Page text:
Take Back the Night

I just finished a 2.75-mile walk tonight in the dark. I have been going out to walk at night several times a week for the last 6 weeks or so. I have to admit, every time it’s a bit of a head trip and I spend some time during every nighttime walk wondering if I am being refreshingly brave or really stupid. I take a light and often take a dog, but he hides every time he hears another dog bark and is a black-as-night beta, so he’s not exactly protection. Some neighbors blast their property with blinding bright floodlights, and other neighbors’ homes are completely black. Certain streets are almost totally unlit. Sometimes I feel safer in the dark.

I love the night smells: wet grass, sweet dry oats, ripe figs, oak trees, wildfire smoke. And I like walking my with my light off; it’s a kind of faith. After 19 years, I know these neghborhood streets. But there’s one pothole I trip over every time, even though I know I am right on top of it.

The odds are in my favor; I will probably enjoy many more peaceful nighttime walks, either alone or with my silly little dog. I live in a safe place. Surely there are precautions I can take. But that’s not what I am interested in.

I’m interested in the dialogue that’s happening in my head around the idea of safety, where I’m safe and when, and under what conditions. I find myself feeling safer walking in the dark in places where I’m unlikely to encounter anyone else. Other nights the opposite is true, and I gravitate toward the streets with streetlights. And I wonder why that is, and if I’m safer or wiser now that I am older, or if I’ve just got less time/energy for fear now.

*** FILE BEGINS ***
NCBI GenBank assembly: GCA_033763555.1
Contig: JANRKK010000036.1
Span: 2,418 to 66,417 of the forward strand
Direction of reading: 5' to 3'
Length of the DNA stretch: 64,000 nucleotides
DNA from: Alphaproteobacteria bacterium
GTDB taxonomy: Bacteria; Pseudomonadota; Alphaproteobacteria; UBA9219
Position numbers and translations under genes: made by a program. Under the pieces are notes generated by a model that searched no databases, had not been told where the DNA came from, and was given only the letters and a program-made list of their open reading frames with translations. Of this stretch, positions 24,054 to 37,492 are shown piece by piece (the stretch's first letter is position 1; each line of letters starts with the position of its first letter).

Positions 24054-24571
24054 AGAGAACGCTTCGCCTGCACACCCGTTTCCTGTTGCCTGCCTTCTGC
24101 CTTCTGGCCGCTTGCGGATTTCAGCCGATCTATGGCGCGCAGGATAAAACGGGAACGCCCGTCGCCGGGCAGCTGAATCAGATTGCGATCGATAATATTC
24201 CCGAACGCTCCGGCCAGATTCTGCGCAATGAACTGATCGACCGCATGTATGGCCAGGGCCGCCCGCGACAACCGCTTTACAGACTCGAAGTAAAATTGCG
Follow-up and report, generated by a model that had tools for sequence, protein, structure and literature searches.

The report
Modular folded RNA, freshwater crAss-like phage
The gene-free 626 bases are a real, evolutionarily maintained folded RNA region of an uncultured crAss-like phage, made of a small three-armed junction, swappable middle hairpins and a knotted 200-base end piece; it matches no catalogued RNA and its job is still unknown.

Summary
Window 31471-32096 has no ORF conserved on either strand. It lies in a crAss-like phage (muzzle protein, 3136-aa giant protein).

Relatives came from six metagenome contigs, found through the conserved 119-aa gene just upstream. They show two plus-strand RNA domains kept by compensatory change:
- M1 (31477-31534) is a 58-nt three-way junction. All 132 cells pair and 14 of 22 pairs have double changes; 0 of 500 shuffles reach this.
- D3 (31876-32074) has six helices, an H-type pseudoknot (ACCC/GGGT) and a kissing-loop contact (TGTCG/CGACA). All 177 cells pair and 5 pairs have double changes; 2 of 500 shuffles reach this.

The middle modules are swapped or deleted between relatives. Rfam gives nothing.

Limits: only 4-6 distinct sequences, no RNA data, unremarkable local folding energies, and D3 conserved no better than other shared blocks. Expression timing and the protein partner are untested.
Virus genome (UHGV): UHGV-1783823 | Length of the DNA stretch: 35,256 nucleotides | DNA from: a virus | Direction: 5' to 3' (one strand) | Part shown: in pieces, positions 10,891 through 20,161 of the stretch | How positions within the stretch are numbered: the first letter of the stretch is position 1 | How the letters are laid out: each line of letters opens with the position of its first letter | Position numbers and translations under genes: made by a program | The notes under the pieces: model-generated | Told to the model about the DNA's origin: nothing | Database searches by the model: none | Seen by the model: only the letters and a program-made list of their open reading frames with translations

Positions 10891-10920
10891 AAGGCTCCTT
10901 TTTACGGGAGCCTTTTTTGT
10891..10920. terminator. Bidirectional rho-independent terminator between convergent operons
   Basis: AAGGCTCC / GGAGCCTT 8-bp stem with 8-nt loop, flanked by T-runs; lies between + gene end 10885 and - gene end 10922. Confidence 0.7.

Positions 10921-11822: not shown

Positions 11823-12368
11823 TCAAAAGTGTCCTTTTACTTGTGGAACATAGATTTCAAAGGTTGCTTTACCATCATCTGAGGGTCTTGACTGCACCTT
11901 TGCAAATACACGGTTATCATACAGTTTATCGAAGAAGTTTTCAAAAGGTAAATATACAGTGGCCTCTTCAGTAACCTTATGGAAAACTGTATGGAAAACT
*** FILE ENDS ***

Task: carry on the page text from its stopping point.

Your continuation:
At a college campus famous for partying, I marched in Take Back the Night events in the early ’90s, with hundreds of women at my side. Now it’s just me out there, and I feel up to actually doing it. The night is mine.

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  • About Sara

    Thanks for visiting! I’m Sara, editor and writer, wife to Ian, and mother of two precious boys. I am living each day to the fullest and with as much grace, creativity, and patience as I can muster. This is where I write about living, loving, and engaging fully in family life and the world around me. I let my hair down here. I learn new skills here. I strive to be a better human being here. And I tell the truth.

    Our children attend Waldorf school and we are enriching our home and family life with plenty of Waldorf-inspired festivals, crafts, and stories.

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    “Love doesn’t just sit there like a stone; it has to be made, like bread, remade all the time, made new.” —Ursula K. LeGuinn

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